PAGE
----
Generic Crop Protection Market to Advance as Researchers Identify New Lines that could Make Peanut Crop Disease Free, thus increasing their profitability
Every year, Georgia farmers produce half of the peanuts grown in the United States. In the field, they use tried-and-true disease-fighting strategies. Modern peanut varieties have few genetic barriers to some of the most severe disorders. This is why peanut producers must carefully plan when to plant, irrigate, and apply pesticides and fungicides to prevent disease infection.
Peanut breeders are working to find disease-fighting genes in peanut's wild ancestors. This could make peanut plants inherently immune to disease while removing the need for some medicines. The researchers have created three breeding lines from wild cousins of peanut. The novel lines are immensely beneficial for Generic Crop Protection Market as it focuses on genetic breeding to improve peanuts' profitability and long-term viability.
Peanut relatives that grow wild in South America are almost immune to some diseases that may wreak havoc on a crop of peanuts. There are numerous hurdles in harnessing the genetic resources of these wild relatives. The first is overcoming the fact that today's peanuts are tetraploids (plants with four chromosomes), but the ancient relatives are diploids (plants with just two chromosomes).
The second problem in developing commercial peanut cultivars using wild species DNA is maintaining modern peanut's beneficial characteristics. The lines produced by peanut's distant cousins are effective at fighting disease. However, they have low yields and produce tiny nuts that aren't commercially marketable for products like peanut butter. Another problem is that they have other physical characteristics that make farming difficult, such as weak pegs that leave nuts in the soil at harvest. Peanut pegs, or roots, extend from the blossom into the earth, and the ends of the pegs produce peanut pods in the ground.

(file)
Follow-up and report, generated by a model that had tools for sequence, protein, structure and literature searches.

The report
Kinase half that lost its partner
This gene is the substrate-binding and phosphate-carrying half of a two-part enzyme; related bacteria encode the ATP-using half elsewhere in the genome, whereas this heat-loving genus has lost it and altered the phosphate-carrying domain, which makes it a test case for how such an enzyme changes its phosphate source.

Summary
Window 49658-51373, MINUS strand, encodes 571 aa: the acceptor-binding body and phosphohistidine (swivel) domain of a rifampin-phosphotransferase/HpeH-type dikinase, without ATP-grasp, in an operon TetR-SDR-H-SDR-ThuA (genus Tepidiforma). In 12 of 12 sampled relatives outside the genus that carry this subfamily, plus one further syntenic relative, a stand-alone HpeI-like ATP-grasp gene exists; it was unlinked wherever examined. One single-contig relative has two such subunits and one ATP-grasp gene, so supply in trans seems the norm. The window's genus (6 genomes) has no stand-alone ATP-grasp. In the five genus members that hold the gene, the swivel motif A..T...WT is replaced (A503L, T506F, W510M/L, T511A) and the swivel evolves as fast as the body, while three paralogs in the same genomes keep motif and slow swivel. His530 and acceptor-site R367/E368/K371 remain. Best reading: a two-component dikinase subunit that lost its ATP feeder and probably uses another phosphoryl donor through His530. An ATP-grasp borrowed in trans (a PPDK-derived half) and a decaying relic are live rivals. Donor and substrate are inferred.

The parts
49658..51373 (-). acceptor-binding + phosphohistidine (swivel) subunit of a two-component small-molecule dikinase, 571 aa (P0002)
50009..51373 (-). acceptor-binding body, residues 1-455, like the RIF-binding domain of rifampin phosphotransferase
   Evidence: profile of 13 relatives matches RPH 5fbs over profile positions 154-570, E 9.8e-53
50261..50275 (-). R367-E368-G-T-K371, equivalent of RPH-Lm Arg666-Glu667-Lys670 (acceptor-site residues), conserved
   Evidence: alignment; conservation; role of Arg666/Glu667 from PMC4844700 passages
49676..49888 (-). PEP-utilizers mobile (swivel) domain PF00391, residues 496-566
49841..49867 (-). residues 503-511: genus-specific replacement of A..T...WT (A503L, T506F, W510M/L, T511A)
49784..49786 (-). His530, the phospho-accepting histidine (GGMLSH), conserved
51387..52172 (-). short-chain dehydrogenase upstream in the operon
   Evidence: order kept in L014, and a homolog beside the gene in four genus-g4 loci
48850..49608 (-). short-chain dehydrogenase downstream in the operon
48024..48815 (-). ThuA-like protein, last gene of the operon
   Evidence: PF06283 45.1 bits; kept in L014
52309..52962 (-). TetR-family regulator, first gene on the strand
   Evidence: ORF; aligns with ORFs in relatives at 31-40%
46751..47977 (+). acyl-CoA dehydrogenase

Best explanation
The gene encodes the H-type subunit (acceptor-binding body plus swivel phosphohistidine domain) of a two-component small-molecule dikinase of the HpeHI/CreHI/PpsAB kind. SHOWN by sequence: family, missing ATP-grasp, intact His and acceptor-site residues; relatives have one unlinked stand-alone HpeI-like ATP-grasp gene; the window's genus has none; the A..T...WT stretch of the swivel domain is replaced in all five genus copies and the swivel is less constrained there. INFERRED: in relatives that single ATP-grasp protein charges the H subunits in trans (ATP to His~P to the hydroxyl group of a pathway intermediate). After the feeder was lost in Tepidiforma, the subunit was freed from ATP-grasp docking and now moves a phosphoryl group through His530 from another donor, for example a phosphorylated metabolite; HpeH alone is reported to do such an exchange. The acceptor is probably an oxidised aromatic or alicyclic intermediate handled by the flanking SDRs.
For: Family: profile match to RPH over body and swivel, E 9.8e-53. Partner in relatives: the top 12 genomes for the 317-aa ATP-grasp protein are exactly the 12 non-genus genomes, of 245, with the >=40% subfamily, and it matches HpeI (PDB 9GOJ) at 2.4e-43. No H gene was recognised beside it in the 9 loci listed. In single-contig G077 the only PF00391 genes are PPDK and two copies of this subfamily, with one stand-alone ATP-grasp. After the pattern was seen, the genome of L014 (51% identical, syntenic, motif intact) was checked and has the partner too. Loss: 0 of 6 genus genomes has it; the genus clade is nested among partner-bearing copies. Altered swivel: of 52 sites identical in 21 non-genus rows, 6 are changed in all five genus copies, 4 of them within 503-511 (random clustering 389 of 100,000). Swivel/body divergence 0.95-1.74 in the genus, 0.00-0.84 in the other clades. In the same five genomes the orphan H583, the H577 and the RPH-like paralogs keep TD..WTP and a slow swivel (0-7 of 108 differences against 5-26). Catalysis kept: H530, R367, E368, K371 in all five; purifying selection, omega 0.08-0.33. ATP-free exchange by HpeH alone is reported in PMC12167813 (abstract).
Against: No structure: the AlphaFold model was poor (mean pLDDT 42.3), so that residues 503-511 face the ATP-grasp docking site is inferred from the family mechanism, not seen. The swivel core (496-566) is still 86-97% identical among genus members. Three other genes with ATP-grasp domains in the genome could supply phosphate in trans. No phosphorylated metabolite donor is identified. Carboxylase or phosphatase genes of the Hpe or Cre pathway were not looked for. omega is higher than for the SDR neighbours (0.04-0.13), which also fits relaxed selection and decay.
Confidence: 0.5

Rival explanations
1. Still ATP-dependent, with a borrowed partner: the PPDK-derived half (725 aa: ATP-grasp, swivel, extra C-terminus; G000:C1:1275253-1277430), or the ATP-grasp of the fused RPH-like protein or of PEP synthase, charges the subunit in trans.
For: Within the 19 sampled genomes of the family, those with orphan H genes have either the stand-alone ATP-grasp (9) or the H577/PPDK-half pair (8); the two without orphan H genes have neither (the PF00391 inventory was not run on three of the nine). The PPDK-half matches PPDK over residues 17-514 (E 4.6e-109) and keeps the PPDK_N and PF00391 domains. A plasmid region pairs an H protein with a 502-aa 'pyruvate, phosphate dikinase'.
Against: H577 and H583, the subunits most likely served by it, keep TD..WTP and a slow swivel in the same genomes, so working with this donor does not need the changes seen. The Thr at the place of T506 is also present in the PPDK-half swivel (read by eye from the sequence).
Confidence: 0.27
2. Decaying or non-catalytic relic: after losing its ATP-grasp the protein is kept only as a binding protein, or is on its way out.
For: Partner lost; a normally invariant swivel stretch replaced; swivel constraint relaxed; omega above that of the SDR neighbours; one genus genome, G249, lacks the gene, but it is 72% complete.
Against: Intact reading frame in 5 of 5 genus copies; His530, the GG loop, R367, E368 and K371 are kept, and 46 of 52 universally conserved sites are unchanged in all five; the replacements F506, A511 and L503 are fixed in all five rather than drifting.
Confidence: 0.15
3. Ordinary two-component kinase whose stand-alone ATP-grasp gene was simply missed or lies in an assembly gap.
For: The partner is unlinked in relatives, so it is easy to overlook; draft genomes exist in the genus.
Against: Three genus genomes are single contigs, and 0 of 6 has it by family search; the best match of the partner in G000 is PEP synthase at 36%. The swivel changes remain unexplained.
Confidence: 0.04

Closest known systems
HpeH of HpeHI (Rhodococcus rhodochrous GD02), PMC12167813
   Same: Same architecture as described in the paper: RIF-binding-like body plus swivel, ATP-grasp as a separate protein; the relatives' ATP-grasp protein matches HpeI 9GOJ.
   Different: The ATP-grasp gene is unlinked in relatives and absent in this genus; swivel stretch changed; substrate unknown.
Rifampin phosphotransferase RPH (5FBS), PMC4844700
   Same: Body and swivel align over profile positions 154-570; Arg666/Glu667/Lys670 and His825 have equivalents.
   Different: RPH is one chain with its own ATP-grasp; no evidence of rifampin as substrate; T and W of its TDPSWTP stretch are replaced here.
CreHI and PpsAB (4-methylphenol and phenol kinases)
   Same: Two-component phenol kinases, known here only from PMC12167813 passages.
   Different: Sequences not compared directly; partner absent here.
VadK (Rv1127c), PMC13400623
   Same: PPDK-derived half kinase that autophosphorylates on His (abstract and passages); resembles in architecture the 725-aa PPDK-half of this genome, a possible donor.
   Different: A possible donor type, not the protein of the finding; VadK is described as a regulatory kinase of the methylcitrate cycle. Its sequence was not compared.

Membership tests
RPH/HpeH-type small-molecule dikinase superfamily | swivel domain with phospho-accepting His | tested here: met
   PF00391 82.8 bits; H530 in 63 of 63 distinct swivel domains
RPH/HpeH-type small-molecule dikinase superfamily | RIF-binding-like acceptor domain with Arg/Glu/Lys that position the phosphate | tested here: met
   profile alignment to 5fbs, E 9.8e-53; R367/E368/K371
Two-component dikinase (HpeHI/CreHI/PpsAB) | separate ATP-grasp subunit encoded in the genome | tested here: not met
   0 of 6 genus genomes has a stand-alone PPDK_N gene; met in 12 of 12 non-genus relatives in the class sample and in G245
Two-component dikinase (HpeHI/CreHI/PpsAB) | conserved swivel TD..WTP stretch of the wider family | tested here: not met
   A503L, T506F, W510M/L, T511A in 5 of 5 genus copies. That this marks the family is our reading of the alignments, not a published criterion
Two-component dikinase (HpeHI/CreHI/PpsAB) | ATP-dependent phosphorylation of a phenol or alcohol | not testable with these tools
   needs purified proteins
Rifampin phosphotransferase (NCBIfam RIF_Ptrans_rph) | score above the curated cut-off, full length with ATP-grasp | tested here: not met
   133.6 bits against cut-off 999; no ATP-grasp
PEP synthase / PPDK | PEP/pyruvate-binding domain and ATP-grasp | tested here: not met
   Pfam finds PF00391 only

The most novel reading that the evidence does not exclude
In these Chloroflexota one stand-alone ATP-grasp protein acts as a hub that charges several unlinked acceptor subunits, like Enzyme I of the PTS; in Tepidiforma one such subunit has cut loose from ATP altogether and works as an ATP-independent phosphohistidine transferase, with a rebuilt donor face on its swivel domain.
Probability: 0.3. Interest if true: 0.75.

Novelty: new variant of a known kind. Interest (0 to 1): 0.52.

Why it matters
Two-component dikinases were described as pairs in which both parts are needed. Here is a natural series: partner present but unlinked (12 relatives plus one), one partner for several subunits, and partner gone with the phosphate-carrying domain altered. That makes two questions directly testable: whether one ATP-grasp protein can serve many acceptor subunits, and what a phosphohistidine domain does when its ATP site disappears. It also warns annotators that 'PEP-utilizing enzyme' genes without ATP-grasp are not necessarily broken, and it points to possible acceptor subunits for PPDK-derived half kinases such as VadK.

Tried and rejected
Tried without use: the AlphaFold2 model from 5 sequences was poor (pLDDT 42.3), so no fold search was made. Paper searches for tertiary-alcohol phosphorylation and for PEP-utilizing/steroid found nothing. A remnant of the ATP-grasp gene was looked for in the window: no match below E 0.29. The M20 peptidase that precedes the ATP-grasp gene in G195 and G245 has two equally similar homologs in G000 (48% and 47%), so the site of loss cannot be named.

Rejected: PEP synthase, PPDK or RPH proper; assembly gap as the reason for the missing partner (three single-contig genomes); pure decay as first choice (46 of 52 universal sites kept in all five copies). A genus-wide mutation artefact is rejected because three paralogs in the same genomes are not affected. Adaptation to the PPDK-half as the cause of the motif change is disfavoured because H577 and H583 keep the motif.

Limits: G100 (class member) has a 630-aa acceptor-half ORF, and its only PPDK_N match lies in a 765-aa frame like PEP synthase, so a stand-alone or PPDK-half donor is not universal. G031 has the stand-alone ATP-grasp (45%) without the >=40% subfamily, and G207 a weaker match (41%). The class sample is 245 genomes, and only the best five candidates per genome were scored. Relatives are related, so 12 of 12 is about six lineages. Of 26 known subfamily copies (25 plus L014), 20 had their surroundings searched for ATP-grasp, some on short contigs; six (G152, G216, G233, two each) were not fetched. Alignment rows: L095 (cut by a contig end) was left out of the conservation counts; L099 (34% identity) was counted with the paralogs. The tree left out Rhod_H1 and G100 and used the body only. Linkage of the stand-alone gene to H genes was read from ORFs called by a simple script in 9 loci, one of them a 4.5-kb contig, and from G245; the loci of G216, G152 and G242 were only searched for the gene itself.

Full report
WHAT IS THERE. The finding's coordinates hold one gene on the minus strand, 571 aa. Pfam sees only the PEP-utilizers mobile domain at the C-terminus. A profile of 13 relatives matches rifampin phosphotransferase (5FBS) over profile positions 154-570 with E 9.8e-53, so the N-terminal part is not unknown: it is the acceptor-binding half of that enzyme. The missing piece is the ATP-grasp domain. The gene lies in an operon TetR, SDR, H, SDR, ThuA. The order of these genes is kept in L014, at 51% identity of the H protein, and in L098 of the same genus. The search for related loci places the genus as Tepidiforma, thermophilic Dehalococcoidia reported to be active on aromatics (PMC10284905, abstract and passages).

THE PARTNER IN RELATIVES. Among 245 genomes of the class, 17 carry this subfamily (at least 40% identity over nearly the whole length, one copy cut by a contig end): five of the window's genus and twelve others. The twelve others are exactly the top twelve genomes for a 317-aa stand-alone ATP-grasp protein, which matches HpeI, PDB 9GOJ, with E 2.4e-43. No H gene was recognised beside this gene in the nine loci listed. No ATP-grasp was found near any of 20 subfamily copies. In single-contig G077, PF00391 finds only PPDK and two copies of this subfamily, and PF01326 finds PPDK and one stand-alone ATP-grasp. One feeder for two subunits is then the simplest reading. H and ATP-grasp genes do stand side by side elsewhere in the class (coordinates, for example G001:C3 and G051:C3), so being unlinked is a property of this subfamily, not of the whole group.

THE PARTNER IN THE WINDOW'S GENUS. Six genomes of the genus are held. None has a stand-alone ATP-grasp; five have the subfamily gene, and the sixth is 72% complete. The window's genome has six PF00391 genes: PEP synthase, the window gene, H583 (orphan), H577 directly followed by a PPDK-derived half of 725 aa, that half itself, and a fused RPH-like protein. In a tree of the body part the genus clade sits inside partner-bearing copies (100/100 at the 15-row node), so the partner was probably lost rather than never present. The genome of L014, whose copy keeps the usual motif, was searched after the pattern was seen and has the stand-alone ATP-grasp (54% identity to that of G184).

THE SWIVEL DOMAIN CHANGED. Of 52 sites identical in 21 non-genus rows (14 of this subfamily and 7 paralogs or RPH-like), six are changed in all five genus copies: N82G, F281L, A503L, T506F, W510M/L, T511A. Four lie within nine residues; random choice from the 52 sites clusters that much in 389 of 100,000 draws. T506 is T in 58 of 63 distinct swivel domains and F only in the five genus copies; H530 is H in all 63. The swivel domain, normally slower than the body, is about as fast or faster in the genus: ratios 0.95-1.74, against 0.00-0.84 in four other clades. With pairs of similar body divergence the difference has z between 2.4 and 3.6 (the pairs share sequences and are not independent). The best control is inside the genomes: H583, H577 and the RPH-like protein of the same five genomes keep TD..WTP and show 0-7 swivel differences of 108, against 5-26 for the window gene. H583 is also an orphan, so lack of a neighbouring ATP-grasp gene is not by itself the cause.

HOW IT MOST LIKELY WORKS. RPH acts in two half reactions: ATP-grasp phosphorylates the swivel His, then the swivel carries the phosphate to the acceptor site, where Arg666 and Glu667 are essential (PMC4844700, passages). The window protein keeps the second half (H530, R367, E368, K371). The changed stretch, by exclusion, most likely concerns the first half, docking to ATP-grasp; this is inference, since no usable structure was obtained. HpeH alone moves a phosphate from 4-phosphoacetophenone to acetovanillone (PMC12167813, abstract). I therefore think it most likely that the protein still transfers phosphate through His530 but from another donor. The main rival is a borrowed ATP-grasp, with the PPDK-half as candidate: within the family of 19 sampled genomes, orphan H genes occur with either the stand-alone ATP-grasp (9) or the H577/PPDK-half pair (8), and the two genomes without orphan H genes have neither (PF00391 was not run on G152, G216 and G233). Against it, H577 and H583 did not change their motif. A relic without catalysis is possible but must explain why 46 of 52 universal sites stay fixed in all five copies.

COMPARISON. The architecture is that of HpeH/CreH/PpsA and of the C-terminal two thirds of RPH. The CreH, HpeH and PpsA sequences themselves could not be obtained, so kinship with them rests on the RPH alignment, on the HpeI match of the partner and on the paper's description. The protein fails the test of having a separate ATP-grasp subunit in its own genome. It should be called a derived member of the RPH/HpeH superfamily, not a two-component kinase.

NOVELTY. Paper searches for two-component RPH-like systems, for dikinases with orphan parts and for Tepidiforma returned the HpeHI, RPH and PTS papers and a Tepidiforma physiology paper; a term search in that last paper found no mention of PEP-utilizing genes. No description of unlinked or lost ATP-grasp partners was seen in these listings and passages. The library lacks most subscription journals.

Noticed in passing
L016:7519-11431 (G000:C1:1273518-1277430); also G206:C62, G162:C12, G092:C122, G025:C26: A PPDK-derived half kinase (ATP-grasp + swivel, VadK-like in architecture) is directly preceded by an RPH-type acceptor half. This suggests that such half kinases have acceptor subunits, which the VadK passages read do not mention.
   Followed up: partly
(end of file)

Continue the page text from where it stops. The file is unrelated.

Researchers for the present experiment combined synthetic tetraploid lines from wild species with current peanut types after the artificial tetraploid lines. They chose plants with disease resistance features while also finding the genetic markers for those qualities. Plant breeders can thus more accurately choose plants from wild species that have the best genes while retaining any destructive features. This linkage drag results in the achieved hybrid plants receiving good and unfavorable features. It could essentially result in undersized seeds, weak pegs, trailing (low, horizontal) growth, or low yield.
Plant breeders and farmers will now adapt more swiftly to new challenges. This would be possible if they continued to investigate wild relatives and uncover disease resistance. A new disease may defeat a single resistance gene. However, combining various sources of resistance from wild species expands peanut researchers' toolkit to address the ever-changing difficulties of peanut production.
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